One Ethiopian lady passenger took objections to another lady passenger for speaking ill of the Ethiopian people and Ethiopian air line. “I know about so many evils of your country and people.But I am not speaking about them in public”,
she argued. Fortunately they stopped short of coming to blows.

To cut a long story short, at 7.30 PM the Ethiopian airline served diner everybody with rice,chicken and a cool drink in the airport restaurant. The only other Indian among the passengers,Mr Joshi, a pharmaceutical consultant from New Delhi did not want to eat the chicken in his plate. So he put the chicken piece into my plate and I was happy to serve him with more than
half of the rice from my plate.

We were then asked to hurry up with the meal and then each one of us was called and given a new boarding pass. The Ethiopian
airline managed to charter a small propeller plane of Blueway Company for us. The big Boeing Jet 767 flew about 30,000 feet high, but the propeller plane was flying close to the earth and I could see dark clouds above and below lights which looked like stars in the darkness of night.

Inside the small plane we were given snack packets and fruit-juice. But I was in no mood to eat anything and so I put the packed snack into my handbag. Then I remember the only one host giving us instructions on how to react in case of any emergency. But I dosed off and slept sitting upright in the stiff chair. When I woke up the plane was landing at Kotoka Airport at Accra.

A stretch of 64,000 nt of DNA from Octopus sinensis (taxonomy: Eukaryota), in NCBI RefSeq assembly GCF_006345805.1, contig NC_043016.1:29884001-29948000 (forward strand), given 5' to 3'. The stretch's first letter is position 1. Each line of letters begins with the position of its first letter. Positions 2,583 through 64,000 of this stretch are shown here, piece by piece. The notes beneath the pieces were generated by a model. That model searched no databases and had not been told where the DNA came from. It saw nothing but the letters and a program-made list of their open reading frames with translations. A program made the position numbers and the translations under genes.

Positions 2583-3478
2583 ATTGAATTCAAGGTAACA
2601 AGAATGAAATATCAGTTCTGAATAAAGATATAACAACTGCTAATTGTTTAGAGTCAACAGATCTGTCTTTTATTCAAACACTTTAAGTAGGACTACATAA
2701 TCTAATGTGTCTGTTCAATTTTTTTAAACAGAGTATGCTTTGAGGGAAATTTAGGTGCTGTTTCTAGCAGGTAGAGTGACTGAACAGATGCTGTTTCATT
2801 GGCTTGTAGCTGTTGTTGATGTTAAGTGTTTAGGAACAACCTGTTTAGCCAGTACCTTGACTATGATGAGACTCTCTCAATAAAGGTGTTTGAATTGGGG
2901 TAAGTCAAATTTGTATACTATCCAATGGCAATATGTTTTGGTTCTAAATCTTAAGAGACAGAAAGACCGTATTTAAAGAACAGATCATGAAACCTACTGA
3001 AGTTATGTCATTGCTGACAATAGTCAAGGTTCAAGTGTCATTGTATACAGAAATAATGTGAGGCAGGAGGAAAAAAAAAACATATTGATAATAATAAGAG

After the emigration check I was worried if my host would be there to receive me. So I brought aphone-card and called the local Programme Coordinator Mr Benedict (Ben) Assorow. He assured me that his man was at the airport and he would find me soon. A young man greeted me affably. I thought that he was Ben’s man sent to pick me up. But he asked which hotel I wanted
to go. He turned out to be a taxi driver!

Meanwhile Ben’s man after searching for me in.the emigration clearance section came to the meeting area of passengers by their people.He recognized me and greeted: “Akwaaba –welcome Fr Varghese Paul to Ghana”. Then he introduced himself as Godfried Kwasi Annoh.Then, I remembered meeting him at UCIP World Congress at Bangkok in October 2004. Later I came to know that he was the President of Catholic Association of Media Practitioners, Ghana(CAMP-G).

Godfried took me in a big car, Land Cruiser, with the driver Mr Adamu driving us straight to arestaurant not too far from the airport in Accra city. There I met the Programme Coordinator Ben Assorow and Mrs. Rebecca Adda-Dontoh in the restaurant. After warmly greeting each other in Ghanaian style Ben told me that he was at the Accra Airport in the morning to receive me.
Then Ben told his team members: “Give Fr Paul a good dinner and you two have good mealswith him.” Ben and Rebecca then left for the airport to pick up the UCIP Secretary General MrJoseph Chittilappilly. In the restaurant I told Dr
Godfried that I had dinner already at Lagos an